I keep a spreadsheet for all tools, date, cost, location, additional or replacement, model number, serial number, and disposal date/reason/method. Itís not a perfect solution - takes some time to administer - but I think worth it. There is nothing worse than an employee spending time looking for a tool. Damaged tools are turned in to the shop foreman, also a note if there is a missing tool. All tools go back on the boards at the end of the day so you can easily tell right away if there is anything missing.

The same practice is used for adjustment tools and the like at the stationary tools, and also includes a manual in a three-ring binder. I think it takes less time to maintain this system than was wasted in the past without it! If you lose 10 minutes/day/employee looking for tools, thatís an hour of production time per week/employee. $60 worth of production time, $30 in direct labor costs X 50 weeks = $3,000 or $1500/employee/year. I can afford a lot of bench tools for that!

Would you like to add information to this article?
Interested in writing or submitting an article?
Have a question about this article?

Have you reviewed the related Knowledge Base areas below?
  • KnowledgeBase: Knowledge Base

  • KnowledgeBase: Business

  • KnowledgeBase: Business: Employee Relations

    Would you like to add information to this article? ... Click Here

    If you have a question regarding a Knowledge Base article, your best chance at uncovering an answer is to search the entire Knowledge Base for related articles or to post your question at the appropriate WOODWEB Forum. Before posting your message, be sure to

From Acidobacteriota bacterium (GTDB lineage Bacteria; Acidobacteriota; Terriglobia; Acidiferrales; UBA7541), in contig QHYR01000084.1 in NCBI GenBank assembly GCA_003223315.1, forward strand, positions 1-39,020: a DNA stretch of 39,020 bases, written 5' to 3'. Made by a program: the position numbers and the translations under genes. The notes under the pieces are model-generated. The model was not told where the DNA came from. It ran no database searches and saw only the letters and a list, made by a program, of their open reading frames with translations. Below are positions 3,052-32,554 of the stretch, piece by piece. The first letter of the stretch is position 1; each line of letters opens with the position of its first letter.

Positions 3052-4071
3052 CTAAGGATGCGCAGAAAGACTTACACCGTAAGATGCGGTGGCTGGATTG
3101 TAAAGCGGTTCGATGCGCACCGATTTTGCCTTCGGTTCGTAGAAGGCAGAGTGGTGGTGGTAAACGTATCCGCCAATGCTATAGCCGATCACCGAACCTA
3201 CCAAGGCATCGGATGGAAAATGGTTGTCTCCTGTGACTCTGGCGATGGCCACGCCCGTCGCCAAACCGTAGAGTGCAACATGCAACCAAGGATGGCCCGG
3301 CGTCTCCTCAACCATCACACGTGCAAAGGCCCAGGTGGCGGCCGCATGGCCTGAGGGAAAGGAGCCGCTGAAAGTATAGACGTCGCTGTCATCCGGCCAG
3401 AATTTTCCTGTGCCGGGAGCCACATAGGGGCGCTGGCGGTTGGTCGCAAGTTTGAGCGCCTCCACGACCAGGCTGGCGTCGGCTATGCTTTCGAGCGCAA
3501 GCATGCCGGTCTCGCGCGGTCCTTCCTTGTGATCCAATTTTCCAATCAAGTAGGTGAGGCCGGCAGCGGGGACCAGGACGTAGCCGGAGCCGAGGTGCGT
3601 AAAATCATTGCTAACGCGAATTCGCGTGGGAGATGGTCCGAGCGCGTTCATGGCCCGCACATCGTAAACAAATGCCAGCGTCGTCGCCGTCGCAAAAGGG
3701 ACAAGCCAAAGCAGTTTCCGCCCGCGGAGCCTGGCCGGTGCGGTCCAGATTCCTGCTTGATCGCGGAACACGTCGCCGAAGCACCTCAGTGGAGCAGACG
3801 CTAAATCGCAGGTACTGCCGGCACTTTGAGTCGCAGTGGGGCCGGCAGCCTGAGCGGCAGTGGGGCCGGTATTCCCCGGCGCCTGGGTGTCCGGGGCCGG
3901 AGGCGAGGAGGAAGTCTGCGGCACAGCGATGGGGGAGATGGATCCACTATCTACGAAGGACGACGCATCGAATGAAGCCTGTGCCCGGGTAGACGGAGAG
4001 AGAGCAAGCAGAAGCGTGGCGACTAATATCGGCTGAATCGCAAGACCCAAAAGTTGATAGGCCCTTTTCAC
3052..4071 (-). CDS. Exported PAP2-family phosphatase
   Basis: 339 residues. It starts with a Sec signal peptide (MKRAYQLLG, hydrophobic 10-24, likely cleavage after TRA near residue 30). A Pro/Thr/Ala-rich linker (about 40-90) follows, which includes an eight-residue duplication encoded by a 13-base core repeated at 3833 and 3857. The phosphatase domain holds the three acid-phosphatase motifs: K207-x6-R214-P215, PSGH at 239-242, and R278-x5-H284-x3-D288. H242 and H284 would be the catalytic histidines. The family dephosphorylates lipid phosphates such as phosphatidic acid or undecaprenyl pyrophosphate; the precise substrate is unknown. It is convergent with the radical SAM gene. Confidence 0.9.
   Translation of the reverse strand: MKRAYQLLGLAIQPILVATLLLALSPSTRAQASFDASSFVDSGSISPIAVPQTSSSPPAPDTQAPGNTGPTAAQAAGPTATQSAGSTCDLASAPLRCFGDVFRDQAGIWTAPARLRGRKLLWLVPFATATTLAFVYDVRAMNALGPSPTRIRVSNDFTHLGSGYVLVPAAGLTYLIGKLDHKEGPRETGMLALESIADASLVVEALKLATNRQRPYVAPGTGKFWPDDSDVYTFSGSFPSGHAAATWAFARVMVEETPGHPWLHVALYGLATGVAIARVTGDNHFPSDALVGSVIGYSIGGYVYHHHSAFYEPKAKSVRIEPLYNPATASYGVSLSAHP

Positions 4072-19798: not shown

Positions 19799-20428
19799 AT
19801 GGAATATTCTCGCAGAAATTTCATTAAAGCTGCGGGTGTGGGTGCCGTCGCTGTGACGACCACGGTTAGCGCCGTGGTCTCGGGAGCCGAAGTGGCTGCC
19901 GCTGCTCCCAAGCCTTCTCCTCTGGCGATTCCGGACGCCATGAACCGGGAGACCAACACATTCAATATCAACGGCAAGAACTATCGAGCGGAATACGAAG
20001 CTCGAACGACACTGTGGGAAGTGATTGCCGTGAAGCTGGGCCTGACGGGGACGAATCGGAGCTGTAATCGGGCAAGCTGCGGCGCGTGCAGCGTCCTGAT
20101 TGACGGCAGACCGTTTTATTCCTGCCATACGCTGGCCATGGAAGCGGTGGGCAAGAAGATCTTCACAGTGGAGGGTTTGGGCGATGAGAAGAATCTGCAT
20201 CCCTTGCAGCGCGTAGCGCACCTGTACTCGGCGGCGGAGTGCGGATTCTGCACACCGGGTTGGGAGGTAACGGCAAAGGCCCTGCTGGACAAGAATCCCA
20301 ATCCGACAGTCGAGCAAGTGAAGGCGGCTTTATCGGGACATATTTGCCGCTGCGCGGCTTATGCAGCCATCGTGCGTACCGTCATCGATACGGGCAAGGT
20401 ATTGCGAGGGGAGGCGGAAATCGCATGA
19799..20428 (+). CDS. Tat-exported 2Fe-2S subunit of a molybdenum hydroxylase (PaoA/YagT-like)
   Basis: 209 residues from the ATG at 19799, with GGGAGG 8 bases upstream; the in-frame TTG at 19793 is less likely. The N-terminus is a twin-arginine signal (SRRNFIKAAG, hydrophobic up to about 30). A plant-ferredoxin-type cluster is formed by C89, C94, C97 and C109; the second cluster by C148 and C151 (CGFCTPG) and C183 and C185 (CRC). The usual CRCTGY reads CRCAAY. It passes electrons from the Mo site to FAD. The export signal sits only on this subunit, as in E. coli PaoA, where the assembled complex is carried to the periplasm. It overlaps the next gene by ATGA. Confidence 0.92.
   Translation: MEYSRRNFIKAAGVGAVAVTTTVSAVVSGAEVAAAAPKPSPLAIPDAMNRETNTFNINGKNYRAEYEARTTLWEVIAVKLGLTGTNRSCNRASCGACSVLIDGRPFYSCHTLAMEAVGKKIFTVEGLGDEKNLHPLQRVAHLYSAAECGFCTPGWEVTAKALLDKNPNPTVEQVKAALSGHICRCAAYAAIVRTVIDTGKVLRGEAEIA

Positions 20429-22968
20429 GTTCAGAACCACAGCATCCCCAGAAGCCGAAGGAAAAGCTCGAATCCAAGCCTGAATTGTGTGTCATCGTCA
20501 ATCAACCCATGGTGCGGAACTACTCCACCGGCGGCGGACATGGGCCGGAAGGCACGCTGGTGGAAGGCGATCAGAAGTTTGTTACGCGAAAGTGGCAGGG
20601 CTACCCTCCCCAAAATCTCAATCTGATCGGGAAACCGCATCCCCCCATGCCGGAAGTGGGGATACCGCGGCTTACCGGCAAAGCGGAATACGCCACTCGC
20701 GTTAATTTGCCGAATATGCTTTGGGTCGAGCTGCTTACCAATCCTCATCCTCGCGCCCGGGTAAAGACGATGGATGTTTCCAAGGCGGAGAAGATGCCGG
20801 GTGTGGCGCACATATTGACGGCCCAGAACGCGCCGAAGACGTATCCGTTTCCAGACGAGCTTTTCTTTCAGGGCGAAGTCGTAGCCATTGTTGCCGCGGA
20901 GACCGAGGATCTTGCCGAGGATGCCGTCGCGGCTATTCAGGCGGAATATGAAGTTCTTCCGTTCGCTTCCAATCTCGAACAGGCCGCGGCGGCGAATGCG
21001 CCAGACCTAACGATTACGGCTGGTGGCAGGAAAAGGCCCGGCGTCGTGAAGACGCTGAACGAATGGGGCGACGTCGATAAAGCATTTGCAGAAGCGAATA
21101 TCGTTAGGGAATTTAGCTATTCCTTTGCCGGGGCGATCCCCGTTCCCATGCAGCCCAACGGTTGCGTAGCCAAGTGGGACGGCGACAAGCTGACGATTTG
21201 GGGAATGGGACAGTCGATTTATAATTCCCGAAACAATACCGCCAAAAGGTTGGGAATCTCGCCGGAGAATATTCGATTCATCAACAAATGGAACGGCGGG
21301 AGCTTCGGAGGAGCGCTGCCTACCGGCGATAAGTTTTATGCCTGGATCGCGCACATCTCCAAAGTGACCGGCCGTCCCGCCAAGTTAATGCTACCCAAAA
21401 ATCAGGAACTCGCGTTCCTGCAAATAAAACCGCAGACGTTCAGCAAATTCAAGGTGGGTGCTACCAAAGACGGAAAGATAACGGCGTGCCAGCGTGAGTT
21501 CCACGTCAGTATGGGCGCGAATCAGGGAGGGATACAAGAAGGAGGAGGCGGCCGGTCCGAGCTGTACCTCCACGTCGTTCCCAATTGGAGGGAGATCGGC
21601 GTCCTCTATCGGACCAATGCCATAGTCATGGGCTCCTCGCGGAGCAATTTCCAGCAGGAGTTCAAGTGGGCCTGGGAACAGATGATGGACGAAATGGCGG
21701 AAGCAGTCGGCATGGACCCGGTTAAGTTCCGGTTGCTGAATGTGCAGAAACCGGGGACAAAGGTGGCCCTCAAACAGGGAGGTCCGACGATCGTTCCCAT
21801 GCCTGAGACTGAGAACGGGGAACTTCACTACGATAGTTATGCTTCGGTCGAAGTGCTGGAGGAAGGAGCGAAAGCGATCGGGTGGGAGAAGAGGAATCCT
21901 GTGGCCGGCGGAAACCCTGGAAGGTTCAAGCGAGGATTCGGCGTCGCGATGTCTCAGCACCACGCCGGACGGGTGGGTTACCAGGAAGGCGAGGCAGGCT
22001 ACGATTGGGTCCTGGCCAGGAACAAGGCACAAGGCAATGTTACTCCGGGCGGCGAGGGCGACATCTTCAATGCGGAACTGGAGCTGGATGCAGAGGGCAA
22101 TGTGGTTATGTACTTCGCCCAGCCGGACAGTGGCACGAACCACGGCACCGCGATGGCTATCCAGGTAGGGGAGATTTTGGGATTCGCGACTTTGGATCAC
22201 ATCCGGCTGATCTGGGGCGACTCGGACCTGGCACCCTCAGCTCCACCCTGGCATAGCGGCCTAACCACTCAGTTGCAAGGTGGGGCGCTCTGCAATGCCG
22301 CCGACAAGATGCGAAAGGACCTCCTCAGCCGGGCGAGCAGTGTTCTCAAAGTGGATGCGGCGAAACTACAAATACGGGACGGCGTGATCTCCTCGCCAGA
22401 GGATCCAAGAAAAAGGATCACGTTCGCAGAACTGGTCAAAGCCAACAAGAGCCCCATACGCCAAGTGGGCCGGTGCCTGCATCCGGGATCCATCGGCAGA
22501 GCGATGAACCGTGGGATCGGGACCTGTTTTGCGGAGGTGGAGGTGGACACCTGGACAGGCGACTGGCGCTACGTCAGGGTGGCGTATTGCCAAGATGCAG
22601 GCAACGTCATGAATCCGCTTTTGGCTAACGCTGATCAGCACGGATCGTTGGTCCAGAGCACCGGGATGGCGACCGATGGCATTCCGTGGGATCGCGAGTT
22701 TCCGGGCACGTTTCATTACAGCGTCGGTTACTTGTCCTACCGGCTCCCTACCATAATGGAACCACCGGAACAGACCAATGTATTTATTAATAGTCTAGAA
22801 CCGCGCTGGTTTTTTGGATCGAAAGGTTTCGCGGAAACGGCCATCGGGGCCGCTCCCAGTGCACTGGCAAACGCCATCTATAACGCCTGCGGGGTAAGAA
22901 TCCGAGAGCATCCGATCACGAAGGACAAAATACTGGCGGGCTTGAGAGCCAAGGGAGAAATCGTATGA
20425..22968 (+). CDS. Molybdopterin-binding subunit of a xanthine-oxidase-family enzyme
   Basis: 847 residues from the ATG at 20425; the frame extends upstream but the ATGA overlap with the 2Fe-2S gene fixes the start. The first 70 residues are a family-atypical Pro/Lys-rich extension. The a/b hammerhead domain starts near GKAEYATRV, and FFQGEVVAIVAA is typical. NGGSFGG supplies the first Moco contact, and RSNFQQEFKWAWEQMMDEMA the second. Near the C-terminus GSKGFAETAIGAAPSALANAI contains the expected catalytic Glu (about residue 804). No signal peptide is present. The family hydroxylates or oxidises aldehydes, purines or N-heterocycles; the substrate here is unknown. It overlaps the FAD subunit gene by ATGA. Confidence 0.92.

review our Forum Guidelines.

    Questions entered in the Knowledge Base Article comment form will not generate responses! A list of WOODWEB Forums can be found at WOODWEB's Site Map.

    When you post your question at the Forum, be sure to include references to the Knowledge Base article that inspired your question. The more information you provide with your question, the better your chances are of receiving responses.

    Return to beginning of article.

    Refer a Friend || Read This Important Information || Site Map || Privacy Policy || Site User Agreement

    Letters, questions or comments? E-Mail us and let us know what you think. Be sure to review our Frequently Asked Questions page.

    Contact us to discuss advertising or to report problems with this site.

    To report a problem, send an e-mail to our Webmaster

    Copyright © 1996-2016 - WOODWEB ® Inc.
    All rights reserved. No part of this publication may be reproduced in any manner without permission of the Editor.
    Review WOODWEB's Copyright Policy.

    The editors, writers, and staff at WOODWEB try to promote safe practices. What is safe for one woodworker under certain conditions may not be safe for others in different circumstances. Readers should undertake the use of materials and methods discussed at WOODWEB after considerate evaluation, and at their own risk.

    WOODWEB, Inc.
    335 Bedell Road
    Montrose, PA 18801

    Contact WOODWEB

  • WOODWEB - the leading resource for professional woodworkers

      Home » Knowledge Base » Knowledge Base Article